Call of Duty

Call of Duty dev reveals how bullet drop will work in Modern Warfare

Published: 12/Jun/2019 11:14 Updated: 12/Jun/2019 12:18

by Calum Patterson

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Infinity Ward art director Joel Emslie discussed key changes to game mechanics in Call of Duty: Modern Warfare at E3 on June 11, namely their new approach to weapon ballistics.

The original Modern Warfare trilogy is among the most iconic game franchises in history, which puts a lot of pressure on Infinity Ward to get the next game right – but that doesn’t mean they’re not taking any risks.

Emslie, who previously worked on the first two Modern Warfare games before leaving to join Respawn Entertainment, explained how gunplay mechanics have changed now he’s back working on the franchise.

Infinity Ward2019’s Call of Duty will be a “reimagining” of the Modern Warfare franchise.

Past CoD games have all used a system called ‘hit-scan’ for bullet registration. Put simply, this means that the moment the weapon is fired, the bullet lands on its target instantly, with no ‘travel-time’ whatsoever.

This is crucial, particularly for multiplayer modes, where more realistic weapon and caliber characteristics are not conducive to competitive gameplay, where balance and consistency is king.

However, at least for campaign, the new game will incorporate bullet trajectory into the gameplay. Emslie reveals: “If you’re firing a DMR or sniper rifle, you have to really take into account bullet drop, and in one case, maybe a little bit of windage.”

This isn’t the first time bullet drop has been incorporated into Call of Duty though; it is prominent in Blackout, Black Ops 4’s battle royale mode, and played a major role in one legendary mission from the original Modern Warfare.

In the classic ‘All Ghillied Up’, which is regarded as one of the finest FPS missions ever made, a young Captain Price is instructed to account for bullet drop and wind speed/direction, before taking (and missing) the crucial shot at Imran Zakhaev, the game’s chief antagonist.

Infinity WardCoD 4 had the first use of bullet drop and wind (and even the curvature of the earth) when lining up a shot.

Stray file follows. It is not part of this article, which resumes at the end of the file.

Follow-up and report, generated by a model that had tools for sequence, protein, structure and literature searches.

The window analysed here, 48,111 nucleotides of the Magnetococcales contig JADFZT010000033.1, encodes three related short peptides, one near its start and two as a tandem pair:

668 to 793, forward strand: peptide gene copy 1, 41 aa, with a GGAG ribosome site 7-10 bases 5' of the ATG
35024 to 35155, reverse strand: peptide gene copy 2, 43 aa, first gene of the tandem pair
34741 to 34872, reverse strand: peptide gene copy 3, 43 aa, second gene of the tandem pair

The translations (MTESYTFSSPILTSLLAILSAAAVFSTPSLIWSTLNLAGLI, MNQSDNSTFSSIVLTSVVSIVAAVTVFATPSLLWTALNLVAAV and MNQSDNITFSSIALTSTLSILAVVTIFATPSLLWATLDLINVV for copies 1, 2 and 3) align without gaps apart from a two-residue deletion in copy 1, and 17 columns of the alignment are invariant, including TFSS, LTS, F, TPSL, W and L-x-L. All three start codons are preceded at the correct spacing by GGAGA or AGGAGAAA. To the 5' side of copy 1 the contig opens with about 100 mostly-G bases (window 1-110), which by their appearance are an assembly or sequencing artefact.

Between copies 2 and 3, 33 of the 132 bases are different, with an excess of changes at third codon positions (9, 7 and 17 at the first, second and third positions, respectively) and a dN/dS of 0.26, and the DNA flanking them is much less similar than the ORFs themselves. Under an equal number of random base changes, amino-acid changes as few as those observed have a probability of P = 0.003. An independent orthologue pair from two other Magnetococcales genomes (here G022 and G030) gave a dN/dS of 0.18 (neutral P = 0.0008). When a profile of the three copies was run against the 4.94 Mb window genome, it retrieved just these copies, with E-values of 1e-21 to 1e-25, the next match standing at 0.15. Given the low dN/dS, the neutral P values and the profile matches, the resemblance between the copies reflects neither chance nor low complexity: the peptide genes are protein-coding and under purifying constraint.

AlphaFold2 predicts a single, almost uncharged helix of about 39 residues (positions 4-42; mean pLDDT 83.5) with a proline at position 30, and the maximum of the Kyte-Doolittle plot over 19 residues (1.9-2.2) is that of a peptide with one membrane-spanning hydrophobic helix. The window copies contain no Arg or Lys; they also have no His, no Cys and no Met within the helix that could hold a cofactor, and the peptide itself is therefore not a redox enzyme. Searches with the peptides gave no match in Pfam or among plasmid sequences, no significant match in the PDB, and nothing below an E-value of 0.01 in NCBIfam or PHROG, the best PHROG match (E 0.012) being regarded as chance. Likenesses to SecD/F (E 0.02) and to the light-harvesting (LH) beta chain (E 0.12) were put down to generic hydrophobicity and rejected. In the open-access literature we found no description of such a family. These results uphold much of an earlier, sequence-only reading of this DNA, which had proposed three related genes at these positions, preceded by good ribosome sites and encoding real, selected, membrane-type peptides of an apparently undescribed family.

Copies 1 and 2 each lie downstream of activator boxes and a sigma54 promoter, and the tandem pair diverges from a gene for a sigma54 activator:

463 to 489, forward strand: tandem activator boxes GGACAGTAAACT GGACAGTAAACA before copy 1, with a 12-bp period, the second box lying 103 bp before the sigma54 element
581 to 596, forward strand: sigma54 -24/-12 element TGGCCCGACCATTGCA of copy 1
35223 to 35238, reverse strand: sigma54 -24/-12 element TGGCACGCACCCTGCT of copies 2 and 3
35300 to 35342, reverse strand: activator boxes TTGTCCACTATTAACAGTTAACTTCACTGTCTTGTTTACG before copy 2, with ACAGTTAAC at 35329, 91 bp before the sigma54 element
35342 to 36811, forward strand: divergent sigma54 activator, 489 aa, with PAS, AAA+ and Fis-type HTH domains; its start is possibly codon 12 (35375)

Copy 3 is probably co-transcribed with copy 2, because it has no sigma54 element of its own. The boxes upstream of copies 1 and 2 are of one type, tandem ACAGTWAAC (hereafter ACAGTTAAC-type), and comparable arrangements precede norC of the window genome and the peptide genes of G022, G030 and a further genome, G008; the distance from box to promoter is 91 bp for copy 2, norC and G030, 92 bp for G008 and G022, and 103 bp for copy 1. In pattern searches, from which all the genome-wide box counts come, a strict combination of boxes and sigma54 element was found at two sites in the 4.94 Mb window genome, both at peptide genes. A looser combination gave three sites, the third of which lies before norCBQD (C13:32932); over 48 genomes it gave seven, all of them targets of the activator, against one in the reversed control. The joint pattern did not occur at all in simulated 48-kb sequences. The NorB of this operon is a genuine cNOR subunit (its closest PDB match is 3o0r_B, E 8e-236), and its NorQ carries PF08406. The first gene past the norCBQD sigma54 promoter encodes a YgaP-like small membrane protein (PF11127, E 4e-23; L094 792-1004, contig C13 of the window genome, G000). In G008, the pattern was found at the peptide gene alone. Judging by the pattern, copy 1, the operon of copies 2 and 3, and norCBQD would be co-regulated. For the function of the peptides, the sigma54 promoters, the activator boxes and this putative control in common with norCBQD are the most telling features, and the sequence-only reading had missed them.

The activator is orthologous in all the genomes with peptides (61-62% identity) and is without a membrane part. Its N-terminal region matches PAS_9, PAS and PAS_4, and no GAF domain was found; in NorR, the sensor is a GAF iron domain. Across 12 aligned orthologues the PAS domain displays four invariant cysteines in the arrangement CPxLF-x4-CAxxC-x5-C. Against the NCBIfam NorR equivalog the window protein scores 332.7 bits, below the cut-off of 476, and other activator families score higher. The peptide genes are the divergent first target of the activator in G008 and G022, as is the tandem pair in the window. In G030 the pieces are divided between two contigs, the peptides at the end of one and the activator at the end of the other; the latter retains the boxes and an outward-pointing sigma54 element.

Emslie’s explanation may give some fans of the series cause for concern, worried that it could be transposed to the multiplayer portion of the game.

The developers have made it abundantly clear that what applies in one mode, will apply in all. Narrative director Taylor Kurosaki explained: “Whether you’re playing in co-op or multiplayer or single-player, you’re playing in the same world, the rules are all the same.”

Whether this means that bullet drop, penetration, and even windage will also be considerations in multiplayer is unknown, but if so, players may be in for a bigger surprise than expected come October 25 when the game releases. 

Call of Duty

CDL Commissioner confirms Warzone is part of the league’s competitive plans

Published: 21/Jan/2021 0:59 Updated: 21/Jan/2021 2:34

by Theo Salaun

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The Call of Duty League’s commissioner, Johanna Faries, has confirmed that Warzone is part of the league’s competitive plans and will be featured in a more “structured” integration moving forward.

Activision’s unprecedented success in 2020 could not have been achieved without Warzone. While Infinity Ward’s Modern Warfare, the Activision-Blizzard franchised CDL, and Treyarch’s Black Ops Cold War have all been their own successes — Warzone is more than a cherry on top.

Regularly near the heights of Twitch’s viewership, the CoD battle royale has amassed both a huge casual community and more dedicated fans committed to watching tournament play. As such, it’s unsurprising that the CDL wants to do more than the casual Warzone content it created in the inaugural season.

That content typically spanned getting pro players, coaches, and analysts involved in custom matches on Verdansk. While entertaining, Faries has revealed that the league has much more competitive plans in store for the battle royale.

In an interview with ScreenRant, Faries, who heads both the CDL and Overwatch League, expressed that Warzone will be getting more properly integrated into the CDL’s plans: “There are [plans to bring Warzone to Call of Duty League], and we’re excited to announce those plans in the coming weeks and months.”

The Head of Leagues continued, contrasting these new plans with the casual content of the inaugural season and confirming that future integration will be much more esports-focused: “We did bring in Warzone related content with our pros last season, but we’ve taken the off-season to think bigger about what a more structured investment could look like. There are really exciting things to come as early as this season.”

Clayster on stage
Call of Duty League
The CDL kicked off to a boisterous start in its inaugural season.

As mentioned earlier, the CDL’s Warzone content in 2020 was primarily casual. Weekend custom lobbies created some fun clips and moments, but overall didn’t have quite the drawing power of Warzone’s more legitimate esport events.

We’ve seen former CDL bench players grow into massive Warzone careers, such as the London Royal Ravens’ Rhys ‘Rated’ Price as well as Charlie ‘MuTeX’ Saouma and Thomas ‘Tommey’ Trewren formerly of the Dallas Empire. 

The league obviously has the talent for appealing Warzone competition, so fans will be antsy to find out exactly what kind of “structured” integration may be coming in the future.